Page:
Regional airports hit hard by COVID-19 crisis

Washington-DC

WASHINGTON D.C. (WCMH) — Small, regional airports are getting hit hard as air traffic has dropped more than 90 percent because of the coronavirus pandemic.

The U.S. Department of Transportation (DOT) says it won’t allow any airport to lose all service, but some lawmakers say it’s time for Congress to step in.

California representative Norma Torres worries about Ontario Airport, a regional airport in her district outside of Los Angeles.

“We can’t have airports like Ontario completely shut down,” Torres said.

Torres worries that if Americans continue to avoid air travel, airlines might stop service altogether in Ontario and other airports like it around the country.

“They will not lose their services at all,” said Elaine Chao, United States secretary of Transportation.

But Chao says the Department of Transportation does need to look at areas where cash-strapped airlines might be wasting money.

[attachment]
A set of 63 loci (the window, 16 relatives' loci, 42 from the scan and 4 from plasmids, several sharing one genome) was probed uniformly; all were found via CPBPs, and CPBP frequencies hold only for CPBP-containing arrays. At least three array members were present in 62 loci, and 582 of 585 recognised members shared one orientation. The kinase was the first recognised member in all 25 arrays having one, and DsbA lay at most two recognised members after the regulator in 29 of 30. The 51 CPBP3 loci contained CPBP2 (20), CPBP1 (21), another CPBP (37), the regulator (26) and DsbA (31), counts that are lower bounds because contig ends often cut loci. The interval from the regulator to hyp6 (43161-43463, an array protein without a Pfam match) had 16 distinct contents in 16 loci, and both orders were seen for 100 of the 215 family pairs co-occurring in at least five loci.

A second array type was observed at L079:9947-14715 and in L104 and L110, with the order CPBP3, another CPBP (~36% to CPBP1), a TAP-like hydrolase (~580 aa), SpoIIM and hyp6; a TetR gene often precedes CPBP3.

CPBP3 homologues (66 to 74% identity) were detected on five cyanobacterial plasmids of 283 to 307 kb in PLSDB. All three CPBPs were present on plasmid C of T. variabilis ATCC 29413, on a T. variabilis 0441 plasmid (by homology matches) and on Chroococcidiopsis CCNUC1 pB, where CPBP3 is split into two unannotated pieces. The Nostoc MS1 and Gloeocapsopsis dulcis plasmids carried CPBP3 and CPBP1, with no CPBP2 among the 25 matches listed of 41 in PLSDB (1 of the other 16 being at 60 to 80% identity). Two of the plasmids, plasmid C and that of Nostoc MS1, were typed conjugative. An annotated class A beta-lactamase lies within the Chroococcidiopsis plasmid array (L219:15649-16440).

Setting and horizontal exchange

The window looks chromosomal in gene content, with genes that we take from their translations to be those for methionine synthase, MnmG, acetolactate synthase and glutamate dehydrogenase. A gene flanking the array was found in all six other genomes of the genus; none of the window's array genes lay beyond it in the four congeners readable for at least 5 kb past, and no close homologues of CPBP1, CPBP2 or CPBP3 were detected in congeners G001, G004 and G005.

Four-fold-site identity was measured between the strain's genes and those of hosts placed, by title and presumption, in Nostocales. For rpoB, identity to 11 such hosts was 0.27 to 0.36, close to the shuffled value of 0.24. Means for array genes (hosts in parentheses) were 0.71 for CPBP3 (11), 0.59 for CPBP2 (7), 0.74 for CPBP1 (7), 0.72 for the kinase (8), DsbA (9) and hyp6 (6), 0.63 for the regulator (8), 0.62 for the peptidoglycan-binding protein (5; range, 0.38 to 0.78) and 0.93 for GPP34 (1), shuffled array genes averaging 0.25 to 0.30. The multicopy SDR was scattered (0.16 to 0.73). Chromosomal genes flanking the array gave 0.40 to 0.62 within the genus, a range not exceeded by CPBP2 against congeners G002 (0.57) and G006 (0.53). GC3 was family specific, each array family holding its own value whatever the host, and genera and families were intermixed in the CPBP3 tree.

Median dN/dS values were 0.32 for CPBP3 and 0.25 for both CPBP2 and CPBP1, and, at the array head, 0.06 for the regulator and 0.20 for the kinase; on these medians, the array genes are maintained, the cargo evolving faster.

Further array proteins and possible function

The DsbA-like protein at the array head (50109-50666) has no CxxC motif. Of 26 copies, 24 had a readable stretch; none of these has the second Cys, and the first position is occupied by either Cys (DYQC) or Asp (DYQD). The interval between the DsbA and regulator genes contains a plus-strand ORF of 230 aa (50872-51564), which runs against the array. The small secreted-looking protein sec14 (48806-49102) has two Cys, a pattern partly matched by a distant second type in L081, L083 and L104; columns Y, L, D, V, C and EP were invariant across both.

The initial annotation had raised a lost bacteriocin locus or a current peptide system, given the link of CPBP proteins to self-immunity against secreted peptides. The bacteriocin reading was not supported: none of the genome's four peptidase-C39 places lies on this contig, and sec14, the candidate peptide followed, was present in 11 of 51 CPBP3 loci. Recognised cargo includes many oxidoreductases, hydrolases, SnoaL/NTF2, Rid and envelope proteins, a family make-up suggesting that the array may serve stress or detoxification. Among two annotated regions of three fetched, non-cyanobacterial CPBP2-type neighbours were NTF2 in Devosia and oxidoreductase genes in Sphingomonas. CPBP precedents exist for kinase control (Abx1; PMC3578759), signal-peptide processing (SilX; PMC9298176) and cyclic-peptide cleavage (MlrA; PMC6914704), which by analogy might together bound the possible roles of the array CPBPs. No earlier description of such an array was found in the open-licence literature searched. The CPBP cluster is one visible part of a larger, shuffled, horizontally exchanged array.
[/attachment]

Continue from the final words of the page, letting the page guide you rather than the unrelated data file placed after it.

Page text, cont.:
“What we’re seeing is that we may have four or five or six different airlines flying into one destination, and all of them are empty, so that doesn’t make sense,” she said.

The Department of Transportation has allowed airlines to reduce the number of destinations they’re required to service under current law, but even with those cutbacks, Chao says no airport will lose all its flights.

“We have required airlines to serve the communities that they served prior to March 1,” Chao said.

Torres worries smaller airports will still struggle.

“I do not have complete confidence in DOT that they will look out for the interests of many of these airports,” Torres said.

Last month, DOT issued $10 billion worth of grants from the CARES Act to help airports, a short-term life saver for smaller airports until better times arrive.

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